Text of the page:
“He would follow his own rules all the time and he wouldn’t overpay. He would always prefer to buy four or five fillies or mares that he liked, than to overpay for a very special mare. He would play the numbers. Every year he would cull six or seven mares that were either disappointing or getting old, and buy six or seven new ones. He would always renew his blood, every year.

“M. Lagardere especially liked American blood because of the speed and of the bloodlines. He loved the Mr. Prospector bloodline, especially to mate with Linamix. He had a format for the type of a mare he would like to buy. The sire of the filly was important and so was the broodmare sire. The family was important too, but it could be a bit far back - it wouldn’t bother him too much if the other signs were right. He also liked a daughter of a good racemare, even if she was a bit disappointing herself.

He preferred a mare with useful form. In America he would look for performance but not on the grass, only on the dirt. And, with very few exceptions, he preferred unproven mares which had not been tried at stud.

“You can see from the mares we bought that he had a good memory for Classic bloodlines, which he learnt from going around the sales with Francois Boutin. For example, he liked the fact that Saganeca, dam of Sagamix, descended from La Mirambule. He also liked the Bayrose family.

“He wouldn’t mind a mare which had a little bit of a gap under the first or second dam, if she was by the right stallion. That’s how we bought quite a few of those mares cheaply. If he liked a filly physically - if she had some strength and looked athletic, with the head of a racehorse - he was prepared to compromise a bit on some limb defects. When I went to Keeneland without him, I was trying to buy him correct horses, but he was not very, very strict on conformation. He liked a good-looking mare with scope, and that was more important.”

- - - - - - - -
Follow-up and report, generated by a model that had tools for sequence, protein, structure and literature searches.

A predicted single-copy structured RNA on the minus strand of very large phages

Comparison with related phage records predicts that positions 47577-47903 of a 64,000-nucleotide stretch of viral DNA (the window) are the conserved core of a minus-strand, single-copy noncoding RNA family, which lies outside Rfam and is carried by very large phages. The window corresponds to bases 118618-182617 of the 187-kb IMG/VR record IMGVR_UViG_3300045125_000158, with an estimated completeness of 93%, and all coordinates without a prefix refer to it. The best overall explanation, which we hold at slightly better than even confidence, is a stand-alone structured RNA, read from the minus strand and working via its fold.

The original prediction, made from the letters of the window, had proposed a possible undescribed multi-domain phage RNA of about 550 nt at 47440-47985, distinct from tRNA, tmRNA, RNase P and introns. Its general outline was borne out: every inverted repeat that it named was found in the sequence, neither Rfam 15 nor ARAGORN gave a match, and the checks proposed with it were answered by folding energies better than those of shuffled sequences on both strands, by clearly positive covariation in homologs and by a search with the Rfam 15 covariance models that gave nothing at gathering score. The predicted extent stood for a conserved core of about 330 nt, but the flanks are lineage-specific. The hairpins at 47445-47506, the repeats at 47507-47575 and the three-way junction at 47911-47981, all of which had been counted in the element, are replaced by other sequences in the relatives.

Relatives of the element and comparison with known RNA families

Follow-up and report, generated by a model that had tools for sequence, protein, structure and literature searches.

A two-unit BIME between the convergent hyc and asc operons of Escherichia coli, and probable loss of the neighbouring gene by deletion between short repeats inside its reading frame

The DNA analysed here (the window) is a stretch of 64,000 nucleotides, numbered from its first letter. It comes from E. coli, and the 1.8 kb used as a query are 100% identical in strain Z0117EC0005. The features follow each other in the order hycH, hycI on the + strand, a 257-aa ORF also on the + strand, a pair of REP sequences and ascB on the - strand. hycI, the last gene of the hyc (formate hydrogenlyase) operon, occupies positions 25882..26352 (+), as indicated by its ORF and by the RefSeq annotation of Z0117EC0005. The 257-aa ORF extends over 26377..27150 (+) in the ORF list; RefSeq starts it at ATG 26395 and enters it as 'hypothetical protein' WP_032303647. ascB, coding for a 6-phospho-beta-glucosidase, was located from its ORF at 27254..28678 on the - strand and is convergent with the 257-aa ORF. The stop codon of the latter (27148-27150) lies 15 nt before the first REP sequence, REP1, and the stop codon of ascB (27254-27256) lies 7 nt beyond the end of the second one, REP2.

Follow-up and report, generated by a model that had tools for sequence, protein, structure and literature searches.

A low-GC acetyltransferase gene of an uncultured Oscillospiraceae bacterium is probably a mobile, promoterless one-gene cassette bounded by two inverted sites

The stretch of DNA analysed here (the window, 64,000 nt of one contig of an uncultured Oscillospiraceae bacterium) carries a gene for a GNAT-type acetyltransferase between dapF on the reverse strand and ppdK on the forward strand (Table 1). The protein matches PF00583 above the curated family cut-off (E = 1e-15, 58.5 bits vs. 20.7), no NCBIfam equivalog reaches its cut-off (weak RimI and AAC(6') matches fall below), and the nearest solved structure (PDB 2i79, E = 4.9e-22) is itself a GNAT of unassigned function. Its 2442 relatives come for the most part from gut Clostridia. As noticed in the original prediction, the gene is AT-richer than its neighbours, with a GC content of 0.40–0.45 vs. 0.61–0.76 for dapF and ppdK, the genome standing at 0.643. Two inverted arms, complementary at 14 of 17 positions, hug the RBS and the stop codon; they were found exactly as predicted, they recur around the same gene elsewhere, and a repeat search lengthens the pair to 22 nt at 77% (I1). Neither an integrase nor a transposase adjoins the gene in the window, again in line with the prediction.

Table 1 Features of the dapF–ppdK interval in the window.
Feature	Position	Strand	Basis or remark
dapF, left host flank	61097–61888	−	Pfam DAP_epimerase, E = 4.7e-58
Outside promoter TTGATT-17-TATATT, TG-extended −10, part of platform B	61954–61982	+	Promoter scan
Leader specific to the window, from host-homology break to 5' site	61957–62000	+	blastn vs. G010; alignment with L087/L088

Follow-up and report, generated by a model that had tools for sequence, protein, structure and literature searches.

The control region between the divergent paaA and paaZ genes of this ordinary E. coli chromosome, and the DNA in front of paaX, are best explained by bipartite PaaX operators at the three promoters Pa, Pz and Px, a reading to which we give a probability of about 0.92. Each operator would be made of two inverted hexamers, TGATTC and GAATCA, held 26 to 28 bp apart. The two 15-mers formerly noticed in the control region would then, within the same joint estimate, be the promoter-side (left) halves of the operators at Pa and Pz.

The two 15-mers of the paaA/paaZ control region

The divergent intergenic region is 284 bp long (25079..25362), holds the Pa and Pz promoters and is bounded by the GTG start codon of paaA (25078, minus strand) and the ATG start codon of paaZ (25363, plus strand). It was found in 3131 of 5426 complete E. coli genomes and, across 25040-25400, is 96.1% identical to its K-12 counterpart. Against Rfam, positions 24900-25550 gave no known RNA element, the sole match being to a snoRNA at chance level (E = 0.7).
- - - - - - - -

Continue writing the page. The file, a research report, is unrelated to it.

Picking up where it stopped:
Puerari later added that all the mares bought would be bred to Linamix in at least her first three years.

“He didn’t like to overspend on stud fees. He would use proven stallions more than young stallions, but wouldn’t pay crazy prices. He wasn’t influenced by fashion or using the most fashionable stallions.”

The purchases certainly made their mark at the Arc weekend. Manighar - a son of Linamix - is out of Mintly Fresh, a Mr. Prospector-line mare bought for $60,000 in 2001. Mintly Fresh’s Linamix filly Minatlya, was also a group winner and has now joined her dam in the Aga’s broodmare band.

Varenar, who sprang a 20-1 surpise in the Prix de la Foret, is out of Visor. This Turfway Park winner by Mr. Prospector cost $65,000 in 1992. She had five foals by Linamix, all winners, including a Group 3 winner and two Classic-placed performers.

Visor’s three winning daughters are now all members of the broodmare band.

Moving on to Rosanara, her second dam Rose Quartz was bought by Puerari for 42,000gns as a three-year-old in 2000.

This daughter of the remarkable Lammtarra had won a maiden race over 13 furlongs for Sheikh Mohammed and was very well-connected. Her dam, the Mr. Prospector mare Graphite, was a sister to the GI Hollywood Starlet Stakes winner Cuddles and Rosanara’s fourth dam Stellarette was a smart half-sister to those notable broodmares Love Smitten and Kamar. Rose Quartz has three foals by Linamix, the first being Rosanara’s talented dam Rosawa.

And Siyouni’s dam Sichilla is out of the tough American mare Slipstream Queen.

This daughter of Conquistador Cielo cost $110,000 at the 1995 Keeneland January Sale. Transferred immediately to France to visit Linamix, she produced the highly talented Slickly as her first foal, and later produced two group-placed colts to the same stallion, plus No Slip, a Grade II winner in California, and the listed winner Sichilla.

Artistique, another Linamix mare out of a Puerari purchase, is the dam of Montmartre, who looked such an exciting prospect when he won the 2008 Grand Prix de Paris. It’s a similar story with Sagamix’s good sister Sage et Jolie, whose son Sageburg won the G1 Prix d’Ispahan last year.

Expect to see many more examples in the coming years, as the Lagardere bloodstock, with their diverse bloodlines, helps strengthen an already highly powerful operation.

Extract from Thoroughbred Daily News